Translution logo

www.translution.com

About

FAQs - Translation Quality



Where can I get information on improving translation quality?

Please click here to review our white paper: Predictions on the Future of the Translation Industry. As well as discussing the developments that are happening in the translation industry, this also explains how machine translation can be improved

You may also want to review our Translation Tips, which provide a "primer"

We also run comprehensive training courses which include modules on "Writing for Machine Translation". Please click here for further details.

Back to top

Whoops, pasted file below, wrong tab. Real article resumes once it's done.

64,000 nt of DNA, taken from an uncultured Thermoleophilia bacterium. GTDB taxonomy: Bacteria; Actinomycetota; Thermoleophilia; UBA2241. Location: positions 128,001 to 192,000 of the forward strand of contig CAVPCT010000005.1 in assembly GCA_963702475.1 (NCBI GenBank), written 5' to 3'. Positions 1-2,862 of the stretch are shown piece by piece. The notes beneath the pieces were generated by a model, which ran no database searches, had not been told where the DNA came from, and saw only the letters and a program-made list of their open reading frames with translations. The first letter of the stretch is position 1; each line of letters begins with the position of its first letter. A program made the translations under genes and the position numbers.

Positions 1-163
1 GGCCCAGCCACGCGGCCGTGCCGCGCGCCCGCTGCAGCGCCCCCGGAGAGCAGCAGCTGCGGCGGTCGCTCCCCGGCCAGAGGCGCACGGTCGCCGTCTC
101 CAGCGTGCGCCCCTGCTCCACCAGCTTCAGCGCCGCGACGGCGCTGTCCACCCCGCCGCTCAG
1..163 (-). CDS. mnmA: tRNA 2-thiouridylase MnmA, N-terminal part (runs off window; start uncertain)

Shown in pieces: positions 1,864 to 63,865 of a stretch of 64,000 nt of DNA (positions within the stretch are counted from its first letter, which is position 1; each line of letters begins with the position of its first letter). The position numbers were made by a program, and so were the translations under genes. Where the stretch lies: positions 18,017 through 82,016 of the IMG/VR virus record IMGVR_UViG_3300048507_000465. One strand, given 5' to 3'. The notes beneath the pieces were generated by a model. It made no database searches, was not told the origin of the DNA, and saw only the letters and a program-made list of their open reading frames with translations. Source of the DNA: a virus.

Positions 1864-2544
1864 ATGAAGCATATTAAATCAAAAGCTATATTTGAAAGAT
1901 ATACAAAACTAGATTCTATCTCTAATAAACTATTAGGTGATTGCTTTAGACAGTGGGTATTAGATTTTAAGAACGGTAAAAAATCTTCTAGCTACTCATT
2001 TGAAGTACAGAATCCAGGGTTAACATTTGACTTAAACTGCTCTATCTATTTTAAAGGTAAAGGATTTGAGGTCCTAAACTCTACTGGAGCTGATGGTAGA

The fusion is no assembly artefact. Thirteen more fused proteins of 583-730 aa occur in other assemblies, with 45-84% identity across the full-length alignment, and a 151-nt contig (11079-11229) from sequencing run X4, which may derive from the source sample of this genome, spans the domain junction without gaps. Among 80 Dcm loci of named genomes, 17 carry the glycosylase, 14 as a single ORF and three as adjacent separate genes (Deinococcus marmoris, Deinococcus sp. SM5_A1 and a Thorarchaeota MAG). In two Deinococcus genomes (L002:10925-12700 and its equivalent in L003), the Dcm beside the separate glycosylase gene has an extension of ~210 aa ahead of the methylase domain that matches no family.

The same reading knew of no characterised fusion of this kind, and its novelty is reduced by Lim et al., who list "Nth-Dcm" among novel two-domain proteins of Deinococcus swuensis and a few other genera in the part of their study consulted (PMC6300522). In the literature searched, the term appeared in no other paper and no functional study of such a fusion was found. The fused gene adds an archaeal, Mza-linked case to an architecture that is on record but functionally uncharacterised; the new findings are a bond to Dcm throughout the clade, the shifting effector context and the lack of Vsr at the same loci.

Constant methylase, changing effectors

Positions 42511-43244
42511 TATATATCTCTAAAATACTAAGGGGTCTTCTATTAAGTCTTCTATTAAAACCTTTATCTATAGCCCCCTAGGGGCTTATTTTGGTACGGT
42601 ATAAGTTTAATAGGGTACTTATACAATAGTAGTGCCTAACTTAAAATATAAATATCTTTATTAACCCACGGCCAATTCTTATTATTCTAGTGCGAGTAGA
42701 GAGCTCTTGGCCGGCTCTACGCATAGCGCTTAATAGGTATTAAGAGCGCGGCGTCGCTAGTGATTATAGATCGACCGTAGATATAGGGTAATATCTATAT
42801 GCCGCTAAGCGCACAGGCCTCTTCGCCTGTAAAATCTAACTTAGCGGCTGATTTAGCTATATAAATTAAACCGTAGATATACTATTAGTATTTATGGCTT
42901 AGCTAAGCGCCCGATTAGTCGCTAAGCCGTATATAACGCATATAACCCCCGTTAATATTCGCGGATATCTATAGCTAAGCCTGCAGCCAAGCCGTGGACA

What tools to improve quality are included with Translution's products?

Translution Pro and Translution Business come with a range of tools built in which improve the translation quality including:

  • Dictionaries for specialist terminology
  • Marking text as Do Not Translate
  • Dictionaries of Do Not Translate (DNT) terms such as names, brands, places etc.
  • Tips on how to write text to improve the translation quality.
  • Use of Translution's own dictionary of Not Found Words and common expressions
  • 20 Industry specific/ specialized dictionaries

User Dictionaries

Everyone uses words and phrases that, to them, have particular meanings. For example: parts lists, where a specific translation is required for an individual part description. All Translution users can set up their own User Dictionaries, which control how the translation is handled.

Shared Dictionaries